This game does sound great. Unfortunately with games like Call of Duty and Medal of Honor the effect is lessened as we seem to expect amazing sound out of these games. For the most part the game matches the quality of it\'s peers, but there are a few parts where it could use a boost. The main issue is in the weapon area. To me the guns sound more "POP" than "BANG", again unlike the Xbox version where all the sounds were full and powerful. The two best areas of sound are the voice acting (which is superb) and the sounds of bullets ricocheting off of rocks and sinking into the ground (and people). Some reviews complained that Matt Baker (the user-controlled character) sounded like a poet, when he should have sounded more matter-of-fact. I didn\'t find this to be a problem and I often enjoyed his sentimental blurbs before every chapter. Overall, very well done.

Stability: 5/5

Nothing in this game has caused to think it\'s unstable. The frame rate is rarely steady, but I deducted those marks from the graphics section. It\'s never crashed or had any scripted event not happen and stop progression.

Controls/Interface: 5/5

Who would\'ve thought that commanding squads and tanks while taking cover and shooting at the enemy would be so easy? The controls are very simple, yet deep enough to give you total control over your squad mates. The aiming is functional (and much better without crosshairs), and the other buttons are used to the fullest extent. The HUD is perfectly uncluttered, giving you only a compass and the suppression icons when necessary. Very well done.

Violence: 4.5/10

Violence in a WW2 game?? Of course there is the given kill-or-be-killed theme considering it is an accurate WW2 first person shooter, but it is neither gratuitous or tasteless. You kill small groups of enemy soldiers in self-defense, which sets it apart from other WW2 shooters where you seem to face the entire German army by yourself. The blood is extremely minimal given the Mature rating, and the only gore I\'ve ever seen was a half-second glimpse at the very beginning of someone\'s stomach may have been open, but it was an extremely quick shot and may not have even been that. Overall the violence is never over-the-top and is understandable given the theme, but even though it is in self-defense, you are still taking lives and the small bursts of firefights can get extremely intense when you flank and get up close to the enemy.

Language: 2/10

Whoa. The Brothers are not afraid to let loose some extremely colorful language. The "F" word gets a good workout, and every other word in the book has an appearance in this game. These are said while playing, by squad mates and by Matt Baker, and during cut scenes. They definitely add to the authenticity of the game, but they aren\'t used sparingly. The Brothers also use slang terms for the Germans (including "Krauts" and "Jerries") and frequently take the Lords name in vein (though I do not remember Jesus\' name being used). Overall there are well over 20 "F" words, 25+ "S" words (the more you take hits, the more you hear), 15+ "G--D-----" (many times when you command a tank, Baker will scream "roll G--D-----"), 50+ slang terms for the enemy ("Krauts!" is called pretty much every time an enemy is spotted), and a smattering of crude slangs for anatomy are muttered ("pr---"). Add to that a dozen-or-so mild profanities and you have an authentic and offensive WW2 experience.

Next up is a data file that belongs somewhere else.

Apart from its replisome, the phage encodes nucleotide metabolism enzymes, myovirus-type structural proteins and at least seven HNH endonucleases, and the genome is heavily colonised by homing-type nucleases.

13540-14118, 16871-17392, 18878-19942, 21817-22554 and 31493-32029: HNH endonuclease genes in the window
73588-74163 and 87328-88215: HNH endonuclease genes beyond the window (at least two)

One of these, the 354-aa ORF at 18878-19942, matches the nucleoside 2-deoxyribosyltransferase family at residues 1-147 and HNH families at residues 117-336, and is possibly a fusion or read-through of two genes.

Sexual Content: 10/10

The game thankfully doesn\'t include any crude jokes or references to warrant a lower score. The Brothers are concerned about saving themselves and each other that the subject never pops up. Thank you Gearbox!

The Occult/Supernatural: 10/10

No problems here at all. No ghosts, demons, witches, magic, pentagrams, or anything else supernatural is present in this game. Although there is strong speculation that Hitler was involved in the occult, the game mentions nothing of this and indicates nothing to do with the occult.

Cultural/Moral/Ethical: 8/10

The game pits you against the German army, and though you kill the enemy in self-defense, they are doing the same for you. You aren\'t killing mindless monsters or madmen, they are regular men just like you and you are taking their life. The game does not dwell on this fact, and there is nothing more immoral in this game than any other war game on the market. As a plus, you are taught to rely on your squadmates and to protect them. The friendships shine through and even though the men go through troubles with each other (such as one inexperienced soldier surviving when the experienced ones died) they learn that they have to tolerate their squadmates or they will perish.

Totals:

Game Play: 16/20 Graphics: 7/10 Sound: 9/10 Stablility: 5/5 Controls/Interface: 5/5 42/50 Violence: 4.5/10 Language: 2/10 Sexual Content: 10/10 Occult/Supernatural: 10/10 Cultural/Moral/Ethical: 8/10 34.5/50

Overall: 76.5%

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Christ Centered Gamer looks at video games from two view points. We analyze games on a secular level which will break down a game based on its graphics, sound, stability and overall gaming experience. If you’re concerned about the family friendliness of a game, we have a separate moral score which looks at violence, language, sexual content, occult references and other ethical issues.